These insights from the beer industry literature suggest that consumers of mass-produced domestic beer may be fundamentally different than those of craft beer, and that one’s tastes and market segment allegiances should be accounted for when analyzing WTP for sustainable beer options.

Research approach

Survey design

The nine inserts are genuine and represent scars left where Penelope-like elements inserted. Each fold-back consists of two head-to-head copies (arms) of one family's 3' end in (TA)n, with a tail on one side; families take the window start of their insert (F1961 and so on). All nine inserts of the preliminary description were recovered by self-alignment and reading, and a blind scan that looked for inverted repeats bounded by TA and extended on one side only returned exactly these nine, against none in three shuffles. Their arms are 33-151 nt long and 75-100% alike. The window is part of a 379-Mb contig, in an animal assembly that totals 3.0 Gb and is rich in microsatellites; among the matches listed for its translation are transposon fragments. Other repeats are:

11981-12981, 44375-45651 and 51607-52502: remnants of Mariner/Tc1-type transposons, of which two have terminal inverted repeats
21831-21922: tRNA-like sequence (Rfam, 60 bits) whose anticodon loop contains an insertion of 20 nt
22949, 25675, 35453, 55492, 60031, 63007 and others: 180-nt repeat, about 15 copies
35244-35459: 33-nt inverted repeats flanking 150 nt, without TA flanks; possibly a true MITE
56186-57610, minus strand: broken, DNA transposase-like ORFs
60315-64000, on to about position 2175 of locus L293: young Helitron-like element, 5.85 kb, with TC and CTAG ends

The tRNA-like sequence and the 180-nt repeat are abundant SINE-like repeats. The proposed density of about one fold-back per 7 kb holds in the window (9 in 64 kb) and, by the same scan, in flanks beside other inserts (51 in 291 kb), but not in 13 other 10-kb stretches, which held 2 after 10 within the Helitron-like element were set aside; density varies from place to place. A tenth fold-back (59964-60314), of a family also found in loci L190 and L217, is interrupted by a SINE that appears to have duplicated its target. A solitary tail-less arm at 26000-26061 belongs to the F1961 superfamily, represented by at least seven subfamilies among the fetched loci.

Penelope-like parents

This analysis employs an online survey design with embedded WTP questions. The survey was conducted through Amazon’s Mechanical Turk (MTurk), which is an online crowdsourcing workplace through which convenience samples may be acquired by recruiting workers to complete a survey. MTurk workers are registered with Amazon and opt into individual assignments. Given these terms, a common concern with MTurk surveys is the lack of representativeness of the population. Previous studies have analyzed the degree to which MTurk workers differ from population-based samples (see [42] for a review of this literature). These studies tend to find that MTurk respondents are, on average, younger, more highly educated, less affluent, less racially diverse, and more liberal than typical population-based samples. One study [42] compared an MTurk sample to the American National Election Studies 2012 Time Series Study and found, consistent with previous literature, that the samples differed in notable ways. Yet, these differences diminished after controlling for several easily-measurable demographic and political variables and, with such controls, MTurk can produce credible and generalizable results (see also [43]).